A little trip to Natchitoches Louisiana
Mr. GDC and I recently celebrated our 30th wedding anniversary. With COVID still active we chose to celebrate simply. We traveled to our cousin's home in Louisiana. Along the trip we stopped in the town of Natchitoches, it had long been a place of fantasy for me. As a small girl our family often traveled during the holiday season to visit our Louisiana family. Leaving Fort Worth after my Dad arrived home from work, we drove through Natchitoches at night. Each November through December Natchitoches transforms into a fantasy of childlike wonder with an unbelievable number of lights. Those distant memories called to me, I'd always wanted to see Natchitoches in the daylight -
We made a reservation at one of many gorgeous bed and breakfast Violet Hill , a stunning Victorian, nestled upon the banks of the Cane River and dressed in a pale shale of violet. Pointedly we arrived as darkness fell. We took our coffee upon the deck looking through the darkness at the Cane River, the frogs were singing, lightening bugs danced above the lawn it was magical.
The only guests of Violet Hill that evening we could wander around and take in the beauty of the home, decorated in a graceful Southern style. The next morning we took our coffee upon the bank of the river, the mist rose off the water while white cranes fished in the water. It was truly beautiful.
Ms. Laverne arrived to prepare the most amazing breakfast for us; Blueberry Muffin Bread Pudding, Sausage Crustless Quich, Au Gratin Mashed Potatoes, toasted English Muffins and fresh sliced tomato. I think we gained 5 lbs at breakfast! Ms. Laverne was as charming as her home. After breakfast we departed to wander about Natchitoches.
We learned historical details of Natchitoches, the oldest town in Louisiana, founded in 1714 by French Canadian explorer Louis Juchereau de St. Denis. Beginning as a trade post along the Red River, creating commerce with then Spanish ruled Mexico. After the Louisiana Purchase of 1803, the post enjoyed an influx of French, English and Scotch-Irish immigrants who founded the town. Becoming a freight hub where cotton would be brought in by wagon then transferred to boats, floating down river eventually making a connection to the Mississippi and onward to the port of New Orleans. Eventually the Red River change direction cutting off Natchitoches, leaving what is now Cane River Lake. The small town became mostly agricultural. It wasn't until the 1970's when city planners began to build tourism based upon it's rich history that the small town began to grow.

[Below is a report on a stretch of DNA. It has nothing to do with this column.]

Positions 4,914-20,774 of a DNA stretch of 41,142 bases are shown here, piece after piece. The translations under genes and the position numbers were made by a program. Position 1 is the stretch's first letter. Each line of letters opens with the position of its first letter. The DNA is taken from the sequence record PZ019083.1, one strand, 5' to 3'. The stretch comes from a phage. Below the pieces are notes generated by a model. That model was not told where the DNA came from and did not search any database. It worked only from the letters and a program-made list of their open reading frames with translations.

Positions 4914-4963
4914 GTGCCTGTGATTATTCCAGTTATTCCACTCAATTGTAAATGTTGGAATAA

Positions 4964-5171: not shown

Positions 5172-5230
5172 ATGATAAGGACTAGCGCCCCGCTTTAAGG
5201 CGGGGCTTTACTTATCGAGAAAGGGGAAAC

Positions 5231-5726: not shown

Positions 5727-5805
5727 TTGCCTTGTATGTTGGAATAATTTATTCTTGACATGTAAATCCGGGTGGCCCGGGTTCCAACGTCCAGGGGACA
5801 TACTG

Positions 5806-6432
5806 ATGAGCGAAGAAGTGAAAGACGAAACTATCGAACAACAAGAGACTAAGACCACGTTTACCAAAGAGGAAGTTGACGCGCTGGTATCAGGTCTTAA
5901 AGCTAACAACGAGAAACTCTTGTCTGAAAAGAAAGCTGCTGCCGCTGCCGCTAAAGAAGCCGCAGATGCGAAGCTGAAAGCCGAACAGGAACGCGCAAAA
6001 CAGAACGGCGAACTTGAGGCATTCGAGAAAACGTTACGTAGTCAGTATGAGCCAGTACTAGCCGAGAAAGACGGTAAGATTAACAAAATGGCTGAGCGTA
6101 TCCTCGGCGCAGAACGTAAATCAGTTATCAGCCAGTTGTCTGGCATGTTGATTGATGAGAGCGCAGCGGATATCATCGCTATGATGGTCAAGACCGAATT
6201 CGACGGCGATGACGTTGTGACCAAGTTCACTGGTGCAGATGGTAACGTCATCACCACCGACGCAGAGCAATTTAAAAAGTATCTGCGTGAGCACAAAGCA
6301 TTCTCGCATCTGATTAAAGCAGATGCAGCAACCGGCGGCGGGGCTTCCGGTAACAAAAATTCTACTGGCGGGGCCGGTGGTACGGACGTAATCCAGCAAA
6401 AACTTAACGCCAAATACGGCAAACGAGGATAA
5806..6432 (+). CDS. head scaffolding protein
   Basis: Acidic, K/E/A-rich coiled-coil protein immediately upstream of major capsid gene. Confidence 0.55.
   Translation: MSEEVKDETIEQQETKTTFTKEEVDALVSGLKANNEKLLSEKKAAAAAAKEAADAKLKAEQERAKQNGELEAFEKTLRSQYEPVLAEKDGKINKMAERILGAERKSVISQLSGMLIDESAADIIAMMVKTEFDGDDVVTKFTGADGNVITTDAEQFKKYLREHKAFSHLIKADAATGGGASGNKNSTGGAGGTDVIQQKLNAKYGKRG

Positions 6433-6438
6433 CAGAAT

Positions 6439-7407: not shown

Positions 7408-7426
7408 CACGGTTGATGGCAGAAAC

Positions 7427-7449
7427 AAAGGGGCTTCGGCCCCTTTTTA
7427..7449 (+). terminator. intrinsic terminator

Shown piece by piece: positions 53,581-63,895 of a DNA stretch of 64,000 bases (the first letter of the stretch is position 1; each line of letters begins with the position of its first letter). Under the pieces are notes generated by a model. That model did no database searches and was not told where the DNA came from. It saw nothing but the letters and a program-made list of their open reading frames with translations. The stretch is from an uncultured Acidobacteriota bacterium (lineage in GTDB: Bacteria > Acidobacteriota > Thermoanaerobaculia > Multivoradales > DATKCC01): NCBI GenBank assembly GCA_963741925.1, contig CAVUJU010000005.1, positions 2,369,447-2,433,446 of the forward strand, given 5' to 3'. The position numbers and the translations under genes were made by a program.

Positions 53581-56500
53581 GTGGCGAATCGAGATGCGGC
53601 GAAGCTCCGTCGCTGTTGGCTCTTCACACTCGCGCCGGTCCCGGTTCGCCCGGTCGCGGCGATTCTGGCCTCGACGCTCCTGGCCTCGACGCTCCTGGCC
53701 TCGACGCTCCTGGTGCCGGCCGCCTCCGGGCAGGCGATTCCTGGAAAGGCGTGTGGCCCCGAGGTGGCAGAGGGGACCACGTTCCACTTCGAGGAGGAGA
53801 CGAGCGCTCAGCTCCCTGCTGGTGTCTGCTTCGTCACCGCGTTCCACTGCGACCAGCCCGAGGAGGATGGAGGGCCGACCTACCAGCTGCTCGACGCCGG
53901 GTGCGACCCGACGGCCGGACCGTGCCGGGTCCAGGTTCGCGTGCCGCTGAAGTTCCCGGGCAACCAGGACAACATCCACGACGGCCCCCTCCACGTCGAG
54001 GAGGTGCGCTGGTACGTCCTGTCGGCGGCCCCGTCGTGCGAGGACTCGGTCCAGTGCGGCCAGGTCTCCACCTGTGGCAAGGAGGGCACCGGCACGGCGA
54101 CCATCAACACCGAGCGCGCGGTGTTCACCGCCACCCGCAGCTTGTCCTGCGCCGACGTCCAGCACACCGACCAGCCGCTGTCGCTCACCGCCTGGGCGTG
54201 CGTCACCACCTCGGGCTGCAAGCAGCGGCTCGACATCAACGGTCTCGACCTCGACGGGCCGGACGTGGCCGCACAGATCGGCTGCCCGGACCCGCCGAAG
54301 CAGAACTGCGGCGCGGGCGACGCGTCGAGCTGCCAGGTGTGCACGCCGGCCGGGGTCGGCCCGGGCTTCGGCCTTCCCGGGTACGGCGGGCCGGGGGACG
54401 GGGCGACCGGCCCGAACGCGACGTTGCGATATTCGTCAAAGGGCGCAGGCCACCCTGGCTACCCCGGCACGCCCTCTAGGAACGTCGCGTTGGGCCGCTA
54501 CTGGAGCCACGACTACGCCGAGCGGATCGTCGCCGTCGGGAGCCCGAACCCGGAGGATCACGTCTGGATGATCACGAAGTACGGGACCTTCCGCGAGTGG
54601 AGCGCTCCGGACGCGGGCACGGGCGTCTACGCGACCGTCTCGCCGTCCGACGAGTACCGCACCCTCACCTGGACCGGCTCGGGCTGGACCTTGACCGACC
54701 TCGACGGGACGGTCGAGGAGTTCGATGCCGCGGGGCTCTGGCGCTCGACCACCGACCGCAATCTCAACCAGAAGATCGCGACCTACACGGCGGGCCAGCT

We made our way downtown for a little shopping. We discovered a terrific kitchen store, Cane River Kitchenware, they have all sorts of gadgets to make any cook yearn for more drawer space! We also purchased some of their Almond Amaretto specialty coffee, its rich flavor has made it one of my favorites. The store not only has amazing finds they offer cooking courses. If you can't make it to Natchitoches, they ship anywhere, you can visit their website here.
While enjoying Downtown we found a fountain surrounded by a small garden and sitting area at a street intersection. We took a few moments to admire the bronze fountain featuring cranes -
Nearby we found the Beau Jardin garden with stairs that lead to the Cane River. Framing the stair a created water fall follows you down the stairs from the street height to the riverside below. The gentle bubbling sounds was intriguing, the sunshine danced upon the water, caladiums were tucked in crevices among the rocks.
Hugging the opposite of the stairs are gardens filled with begonias, caladiums and coleus under a canopy of crepe myrtles. The bright green, red and white color combination punctuated the soft shaded areas with brilliant color.
At the bottom of the stairs were walking paths, additional gardens and stunning Southern Oak trees with their outreaching branches creating canopies at least 50'. We were told the trees were likely 500 years old based upon their size.